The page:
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Whose Promised Land?Promised land

A landmark when first published in 1983, this examination of the crisis over territory in the Middle East has now appeared in a revised and updated edition. It is Colin Chapman's Whose Promised Land? (Lion, 2002, 0-7459-5111-2). Its subtitle is The continuing crisis over Israel and Palestine.

Chapman combines an intimate knowledge of the history, geography and politics of the situation with a competent grasp of the prophetic Scriptures. This book is an absolute must for anyone with an interest in the current situation in Israel. The following samples are taken mostly from the sections on biblical interpretation in connection with the land.

What if you happen to be an Arab Christian, and find that you are identified in the minds of Israeli Jews with the ancient Canaanites and all the other tribes which Joshua defeated in the thirteenth century BC? How are you likely to think about the book which seems to give the Jews a divine right to take away your land in the twentieth century AD? (p127)

If the land was a gift which carried with it an obligation to obey the law of God, it followed naturally that when this obligation was not honoured, the gift could be taken away…. While the promise and gift of the land were unconditional, their continued possession of the land was conditional and depended on their loyalty and obedience to the God who had given it to them. (p135, 138)

'On the third day he will rise again' (Luke 18:33). It is widely accepted that when Jesus spoke of his resurrection as being 'on the third day', he was using the words of Hosea 6:1-2. In their original context, these verses express the hope of a national restoration - in other words, the resurrection of the people of Israel. (p161)

[Re Acts 1:4-8] It was as if Jesus was saying, 'I want you to put out of your minds once and for all the idea that the establishment of a sovereign Jewish state has any special significance in the establishment of the kingdom of God. I want you to see the kingdom of God in a different light - as a kingdom which is spiritual and therefore has nothing to do with any piece of land; a kingdom which is international and has no connection with any nation or state.' (p172)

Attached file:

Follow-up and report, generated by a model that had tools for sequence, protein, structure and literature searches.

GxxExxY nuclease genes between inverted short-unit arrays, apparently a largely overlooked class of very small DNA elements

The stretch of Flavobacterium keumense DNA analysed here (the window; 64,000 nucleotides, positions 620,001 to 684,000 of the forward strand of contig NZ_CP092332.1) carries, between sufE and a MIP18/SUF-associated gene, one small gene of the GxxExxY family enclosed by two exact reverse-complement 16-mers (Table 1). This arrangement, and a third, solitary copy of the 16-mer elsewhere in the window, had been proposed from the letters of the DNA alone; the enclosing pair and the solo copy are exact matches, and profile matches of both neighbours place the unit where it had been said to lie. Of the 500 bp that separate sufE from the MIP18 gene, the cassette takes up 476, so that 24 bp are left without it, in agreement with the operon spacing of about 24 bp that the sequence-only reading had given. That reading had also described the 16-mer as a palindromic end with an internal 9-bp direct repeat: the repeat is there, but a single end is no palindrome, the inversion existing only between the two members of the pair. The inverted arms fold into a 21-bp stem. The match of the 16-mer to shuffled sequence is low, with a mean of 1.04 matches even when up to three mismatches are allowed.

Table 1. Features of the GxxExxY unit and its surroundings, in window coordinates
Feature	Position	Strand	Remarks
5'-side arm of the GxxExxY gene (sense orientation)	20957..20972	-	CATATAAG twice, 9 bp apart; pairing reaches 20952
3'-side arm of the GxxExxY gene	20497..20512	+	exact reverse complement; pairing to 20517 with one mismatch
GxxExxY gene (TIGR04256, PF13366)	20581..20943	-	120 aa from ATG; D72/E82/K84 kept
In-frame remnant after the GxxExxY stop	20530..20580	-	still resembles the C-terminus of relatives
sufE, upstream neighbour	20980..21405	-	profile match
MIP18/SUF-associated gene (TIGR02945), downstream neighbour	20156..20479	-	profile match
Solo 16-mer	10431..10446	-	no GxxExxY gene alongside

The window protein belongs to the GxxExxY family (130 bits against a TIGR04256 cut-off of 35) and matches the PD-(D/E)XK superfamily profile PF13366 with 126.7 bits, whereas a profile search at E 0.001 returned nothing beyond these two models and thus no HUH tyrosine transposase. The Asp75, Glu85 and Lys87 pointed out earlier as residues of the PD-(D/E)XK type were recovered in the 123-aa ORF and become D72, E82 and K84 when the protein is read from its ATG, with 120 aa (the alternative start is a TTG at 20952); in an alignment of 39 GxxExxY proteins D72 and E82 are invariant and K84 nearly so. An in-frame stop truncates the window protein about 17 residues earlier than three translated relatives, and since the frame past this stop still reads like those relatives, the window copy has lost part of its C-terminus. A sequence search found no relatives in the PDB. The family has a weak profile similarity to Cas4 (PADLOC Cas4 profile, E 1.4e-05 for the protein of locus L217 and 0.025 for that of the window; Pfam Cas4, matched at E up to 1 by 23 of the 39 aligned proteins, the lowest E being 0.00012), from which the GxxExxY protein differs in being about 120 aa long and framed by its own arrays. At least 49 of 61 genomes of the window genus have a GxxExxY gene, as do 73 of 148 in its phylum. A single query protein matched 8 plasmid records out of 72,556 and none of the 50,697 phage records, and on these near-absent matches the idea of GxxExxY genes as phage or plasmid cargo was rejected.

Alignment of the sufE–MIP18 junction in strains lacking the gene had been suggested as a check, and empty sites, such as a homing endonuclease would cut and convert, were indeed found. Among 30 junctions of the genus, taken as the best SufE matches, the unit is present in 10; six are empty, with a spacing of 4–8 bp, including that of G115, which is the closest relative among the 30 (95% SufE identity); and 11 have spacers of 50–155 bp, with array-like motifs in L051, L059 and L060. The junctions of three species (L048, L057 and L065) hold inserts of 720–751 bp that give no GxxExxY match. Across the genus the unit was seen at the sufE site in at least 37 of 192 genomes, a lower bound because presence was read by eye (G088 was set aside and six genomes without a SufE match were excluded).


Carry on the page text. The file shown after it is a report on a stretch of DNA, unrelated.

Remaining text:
If we understand how the writer of the letter to the Hebrews thought about the land [as God's rest for the believer], how can we believe that the establishment of a Jewish state in the land is the fulfilment of OT hopes and aspirations for the land? Now that the Messiah has come, we cannot possibly go back! (p180)

By starting with a schema that is imposed on the Bible and does not arise naturally out of the text itself, Christian Zionists find it hard to recognise the human realities of what is actually happening on the ground. (p285)

When seen in the context of the whole Bible, both Old and New Testaments, the promise of the land to Abraham and his descendants does not give anyone a divine right to possess or to live in the land for all time, because the coming of the kingdom of God through Jesus the Messiah has transformed and reinterpreted all the promises and prophecies in the OT. God has acted in the land not only to demonstrate his love but also to deal with the root causes of injustice and evil. Jesus the Messiah, who lived, died and was raised from death in the land, has opened the kingdom of God to people of all races, making all who follow him into 'one new humanity' (Eph 2:15 NRSV). (p310)

[On this general topic see also Andrew Kirk's The Middle East Dilemma and my own article, Red Herring in Galilee.

I have also reviewed two books on the subject by Stephen Sizer, one popular, one more theological.]

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